175 pages, colour photos, colour illustrations
Keith Brockie's One Man's Island: Paintings and Sketches from the Isle of May (1984), immediately became one of the bestselling Scottish natural history books of all time. The combination of breathtaking wildlife images with notes and background information, captured unforgettably the beauty of nature, and in particular that of the Isle of May, a little gem of an island in the Firth of Forth. Since then Brockie has constantly returned to the Isle of May.
From April through to October of 2010 he stayed on the island, working intensively to produce an entirely new set of drawings and paintings. With his eye for colour and characteristic attention to detail he has produced a huge number of artworks, mixing depictions of the majestic peregrine and white-tailed eagle with sketches of fluffy eider ducklings and kittiwake chicks. All the natural history of the island is represented, from its delicate maritime flowers to fish, crabs and lobsters. Return to One Man's Island will be the publishing event of the year for those who loved Brockie's original Isle of May book, as well as a whole new generation of readers and lovers of wildlife painting.
"Keith Brockie's book gives me a quite unchristian feeling of envy. I would love to have his talent and the time to indulge it"
- Prince Philip, The Duke of Edinburgh
"A volume of most attractive studies, brilliant in their anatomical exactitude"
- Sunday Telegraph
"Keith Brockie [...] is likely to become one of the most important naturalist artists of the second half of the twentieth century"
- Good Book Guide
"When anyone mentions art showing wildlife, the names of James Audubon and Roger Tory Peterson spring to mind. Now we can add the Scotsman Keith Brockie to the list"
- Birmingham News
"One does not have to be a nature student to enjoy this lovely book [...] it will delight all who appreciate an exceptional talent at work"
- Books in Scotland
"This book will be treasured by anyone who owns it [...] I think it is a collector's item"
- Pioneer Press (St Paul's, Minnesota)
"This book is first and foremost an artwork, and admiration mounts in contemplation of paintings and sketches of such colour and vitality"
- The Press (Christchurch, New Zealand)
"As a young artist Keith Brockie discovered the Isle of May, an island that has drawn him back many times to study its wildlife. His early career saw the production of One Man’s Island, a collection of field sketches made on the May. It was his second book and was published by HarperCollins in 1984.
This book describes Keith’s return to the island, when he spent most of the 2010 season sketching in the field. The result is a book of 175 pages crammed with wildlife art – birds, mammals, crustaceans and insects. Pretty much all the work has been achieved in the field, typically (for the vertebrates) from a distance through a telescope focused either on a tight focal point worked up in great detail – maybe as tight as a fulmar’s Fulmarus glacialis bill, the arrangement of a razorbill Alca torda chick being brooded under an adult’s wing – or a wider study subject, such as a small group of birds.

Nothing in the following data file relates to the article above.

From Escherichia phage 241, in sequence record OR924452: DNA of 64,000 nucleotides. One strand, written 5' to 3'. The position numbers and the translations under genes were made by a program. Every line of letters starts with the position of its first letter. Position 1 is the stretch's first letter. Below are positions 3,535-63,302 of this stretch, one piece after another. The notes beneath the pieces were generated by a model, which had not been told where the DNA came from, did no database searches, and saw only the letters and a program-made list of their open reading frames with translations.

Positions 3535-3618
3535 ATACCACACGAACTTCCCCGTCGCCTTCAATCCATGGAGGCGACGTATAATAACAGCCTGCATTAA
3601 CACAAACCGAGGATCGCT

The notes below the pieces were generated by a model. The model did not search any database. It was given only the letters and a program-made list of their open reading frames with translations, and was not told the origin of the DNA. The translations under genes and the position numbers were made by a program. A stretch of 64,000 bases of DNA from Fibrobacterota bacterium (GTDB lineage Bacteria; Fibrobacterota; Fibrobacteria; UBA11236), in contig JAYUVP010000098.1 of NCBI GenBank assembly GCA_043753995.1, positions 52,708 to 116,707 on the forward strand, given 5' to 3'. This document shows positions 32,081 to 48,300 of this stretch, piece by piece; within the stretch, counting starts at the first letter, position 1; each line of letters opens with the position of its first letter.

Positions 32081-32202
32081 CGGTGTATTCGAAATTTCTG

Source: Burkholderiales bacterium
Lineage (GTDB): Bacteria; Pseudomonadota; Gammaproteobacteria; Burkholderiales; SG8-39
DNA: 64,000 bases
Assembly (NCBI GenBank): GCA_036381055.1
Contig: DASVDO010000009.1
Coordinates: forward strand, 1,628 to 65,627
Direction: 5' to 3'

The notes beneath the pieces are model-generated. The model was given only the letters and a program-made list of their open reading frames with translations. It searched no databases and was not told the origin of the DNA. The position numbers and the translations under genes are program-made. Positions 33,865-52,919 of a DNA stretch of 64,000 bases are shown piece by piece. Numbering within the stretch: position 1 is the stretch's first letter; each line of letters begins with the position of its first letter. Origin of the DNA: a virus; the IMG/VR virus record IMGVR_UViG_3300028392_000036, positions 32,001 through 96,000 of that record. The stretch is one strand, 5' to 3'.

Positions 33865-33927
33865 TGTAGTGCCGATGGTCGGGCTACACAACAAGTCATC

For those unfamiliar with his work, just imagine leafing through a large field sketchbook, the target intricately worked up in pencil and watercolour, the peripherals typically hinted at – but sometimes fascinating the artist sufficiently for him to describe them in more detail, and relatively few words. The breeding seabirds have much to offer the artist; they are perfect, static subjects, with endless possibilities in terms of lighting and posture. However, for me, it was the mammals that had the greatest wow factor, and I particularly enjoyed the rabbits and seals. Later chapters describe in pictures the excitement of the isolated bird observatory (lamentably ignored by many modern, info-drenched birders), witnessing migration actually happening minute by minute and the ultimate thrill of a white’s thrush Zoothera dauma in the hand.
So this book is about two of my favourite things: beautifully observed field sketches and a remote island (preferably, as here, a bird-observatory island). As a ringer and an artist, I was pretty well disposed to this book before I opened it, and I was certainly not disappointed. Mention should be made of the high-quality production and reasonable price – the publisher should be congratulated. Keith Brockie has been well established as a wildlife artist for some time; for those already acquainted with his work, this book delivers everything one might hope for and is likely to prove very popular, but it should also enthral those new to his work. I hope that it also encourages more people to visit bird observatories; like Keith, they will find them magical places."
- Alan Harris, www.britishbirds.co.uk, 17-02-2013
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Keith Brockie has worked as a full-time wildlife artist for more than twenty years. His work has been exhibited around the world and appears in many books. He is actively involved in wildlife conservation, in particular in the successful efforts to re-establish the osprey in Scotland. Six books of his artwork have been published, including Keith Brockie's Wildlife Sketchbook and Rural Portraits. He lives in Fearnan near Loch Tay, where his paintings and drawings can be seen in the Fearnan Gallery.